>and should hence be transferred along with c. Absolutely central to Marx is
>that labour produces its own wages as  part of the added value, so
>conceptually, when studying the 'constitution' of capital, both the wage
>and the sv are ex post. But c counts as input regardless of credit
>arrangements empirically.
>Now assume this is understood and we have already constituted capital
>circulating. Here the question of before or after becomes indeterminate in
>the sense that expenditures and receipts happen continuously. But in
>calculating  its profit in its annual accounts wages come into cost price
>regardless of when paid.
>(BTW I raise the issue of whether 'variable capital' is correct terminology
>given it is not v that varies since it does not appear as a constituent of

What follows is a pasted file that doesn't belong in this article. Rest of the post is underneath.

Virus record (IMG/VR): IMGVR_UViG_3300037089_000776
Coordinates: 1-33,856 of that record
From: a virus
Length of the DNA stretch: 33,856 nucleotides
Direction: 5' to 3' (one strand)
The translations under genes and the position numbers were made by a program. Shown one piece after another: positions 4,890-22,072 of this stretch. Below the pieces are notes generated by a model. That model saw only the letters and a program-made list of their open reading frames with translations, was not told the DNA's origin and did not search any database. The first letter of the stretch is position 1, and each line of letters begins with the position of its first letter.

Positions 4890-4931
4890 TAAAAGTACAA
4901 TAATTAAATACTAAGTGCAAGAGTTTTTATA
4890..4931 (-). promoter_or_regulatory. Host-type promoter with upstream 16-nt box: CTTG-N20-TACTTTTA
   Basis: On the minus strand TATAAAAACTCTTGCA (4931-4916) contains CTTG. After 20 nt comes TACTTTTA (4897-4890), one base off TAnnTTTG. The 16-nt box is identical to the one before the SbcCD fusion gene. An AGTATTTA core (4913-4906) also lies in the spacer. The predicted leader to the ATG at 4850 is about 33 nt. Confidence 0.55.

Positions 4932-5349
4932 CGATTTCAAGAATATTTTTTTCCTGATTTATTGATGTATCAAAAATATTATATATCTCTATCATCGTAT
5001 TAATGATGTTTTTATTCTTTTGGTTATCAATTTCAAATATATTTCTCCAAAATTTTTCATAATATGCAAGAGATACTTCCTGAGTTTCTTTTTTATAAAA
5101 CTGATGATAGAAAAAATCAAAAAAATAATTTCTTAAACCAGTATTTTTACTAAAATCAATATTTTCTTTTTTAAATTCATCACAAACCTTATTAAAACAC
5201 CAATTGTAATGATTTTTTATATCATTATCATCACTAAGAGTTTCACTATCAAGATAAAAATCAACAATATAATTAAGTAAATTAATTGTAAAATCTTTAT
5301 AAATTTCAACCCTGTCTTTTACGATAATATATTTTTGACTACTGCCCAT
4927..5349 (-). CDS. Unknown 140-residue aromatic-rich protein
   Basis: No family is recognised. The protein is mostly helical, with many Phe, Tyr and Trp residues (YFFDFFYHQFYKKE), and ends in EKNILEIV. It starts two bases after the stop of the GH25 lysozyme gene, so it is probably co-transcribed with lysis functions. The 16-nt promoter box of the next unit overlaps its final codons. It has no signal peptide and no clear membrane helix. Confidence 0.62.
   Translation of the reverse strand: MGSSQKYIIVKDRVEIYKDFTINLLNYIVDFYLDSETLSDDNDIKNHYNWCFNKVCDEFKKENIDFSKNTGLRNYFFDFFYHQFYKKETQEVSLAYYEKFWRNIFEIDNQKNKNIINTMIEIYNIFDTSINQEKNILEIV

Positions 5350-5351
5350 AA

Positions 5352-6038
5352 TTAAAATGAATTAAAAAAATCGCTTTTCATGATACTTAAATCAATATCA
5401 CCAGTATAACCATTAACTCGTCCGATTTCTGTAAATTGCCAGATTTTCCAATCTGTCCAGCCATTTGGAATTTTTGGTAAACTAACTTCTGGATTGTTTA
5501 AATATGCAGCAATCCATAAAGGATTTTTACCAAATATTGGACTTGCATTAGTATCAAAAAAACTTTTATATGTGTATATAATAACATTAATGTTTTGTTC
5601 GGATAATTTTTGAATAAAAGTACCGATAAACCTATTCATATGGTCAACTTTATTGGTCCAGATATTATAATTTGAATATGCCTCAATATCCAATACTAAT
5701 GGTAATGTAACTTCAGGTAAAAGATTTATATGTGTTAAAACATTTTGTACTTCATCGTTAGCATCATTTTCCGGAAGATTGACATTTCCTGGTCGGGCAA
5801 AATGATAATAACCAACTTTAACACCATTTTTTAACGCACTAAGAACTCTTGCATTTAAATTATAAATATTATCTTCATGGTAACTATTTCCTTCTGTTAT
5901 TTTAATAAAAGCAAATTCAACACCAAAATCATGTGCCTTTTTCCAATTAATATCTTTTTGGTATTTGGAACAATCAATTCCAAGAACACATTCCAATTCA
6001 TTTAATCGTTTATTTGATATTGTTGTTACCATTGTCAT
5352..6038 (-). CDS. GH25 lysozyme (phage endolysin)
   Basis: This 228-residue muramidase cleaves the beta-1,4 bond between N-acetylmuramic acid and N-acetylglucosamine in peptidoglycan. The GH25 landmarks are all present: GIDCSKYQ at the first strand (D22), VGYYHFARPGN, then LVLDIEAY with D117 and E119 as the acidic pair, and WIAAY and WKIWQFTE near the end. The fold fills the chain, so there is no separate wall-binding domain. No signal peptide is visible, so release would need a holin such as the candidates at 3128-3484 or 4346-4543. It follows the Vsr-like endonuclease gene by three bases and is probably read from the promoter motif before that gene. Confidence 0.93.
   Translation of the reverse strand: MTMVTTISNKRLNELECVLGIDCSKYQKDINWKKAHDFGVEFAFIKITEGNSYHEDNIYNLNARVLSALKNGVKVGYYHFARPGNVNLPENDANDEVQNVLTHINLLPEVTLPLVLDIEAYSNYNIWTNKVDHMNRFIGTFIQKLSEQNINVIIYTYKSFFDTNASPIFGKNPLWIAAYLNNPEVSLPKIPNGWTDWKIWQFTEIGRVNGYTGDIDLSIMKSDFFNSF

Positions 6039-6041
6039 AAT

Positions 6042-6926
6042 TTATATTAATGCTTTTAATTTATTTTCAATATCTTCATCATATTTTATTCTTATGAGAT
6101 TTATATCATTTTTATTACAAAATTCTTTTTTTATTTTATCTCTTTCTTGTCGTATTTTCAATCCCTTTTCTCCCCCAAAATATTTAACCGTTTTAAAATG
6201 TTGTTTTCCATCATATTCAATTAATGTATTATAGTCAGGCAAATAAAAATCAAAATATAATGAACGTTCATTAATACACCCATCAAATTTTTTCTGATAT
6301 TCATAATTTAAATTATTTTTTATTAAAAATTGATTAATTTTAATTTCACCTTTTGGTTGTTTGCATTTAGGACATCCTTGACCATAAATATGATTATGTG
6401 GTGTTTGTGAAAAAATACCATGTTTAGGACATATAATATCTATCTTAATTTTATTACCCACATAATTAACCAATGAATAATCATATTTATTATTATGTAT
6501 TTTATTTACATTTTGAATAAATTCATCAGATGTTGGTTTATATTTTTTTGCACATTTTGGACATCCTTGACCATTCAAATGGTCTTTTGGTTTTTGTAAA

>final value but only as a deduction from it. Any 'variation' is due to the
>absorption of living labour which is not a value at all.)

this is interesting, but I can't answer now, I'm leaving for some 
time. I'll come back, I ater I hope. I agree with 2, however, about 
wages in the value added. on the capitalist circuit, we defintely are 
NOT a shooll (so I'm reduced to a school of one: which means, more or 
less, I'm crazy).

>?? Abstract labour *is* immediately social

disagree: it is a process, for me: it is in production 'latent', and 
though the SAME activity it is  the opposite of  concrete labour 
which is 'becoming' abstract labour in the full sense of the world, 
yes: with final abstraction completed in the phase of exchange, but 
still the abstract labour in the commodity it is not IMMEDIATELY 
money. money is *immediately* social.

I cannot elaborate here, for the hurry, but I guess you may 
understand what I mean from Napoleoni 75, and some Rubin.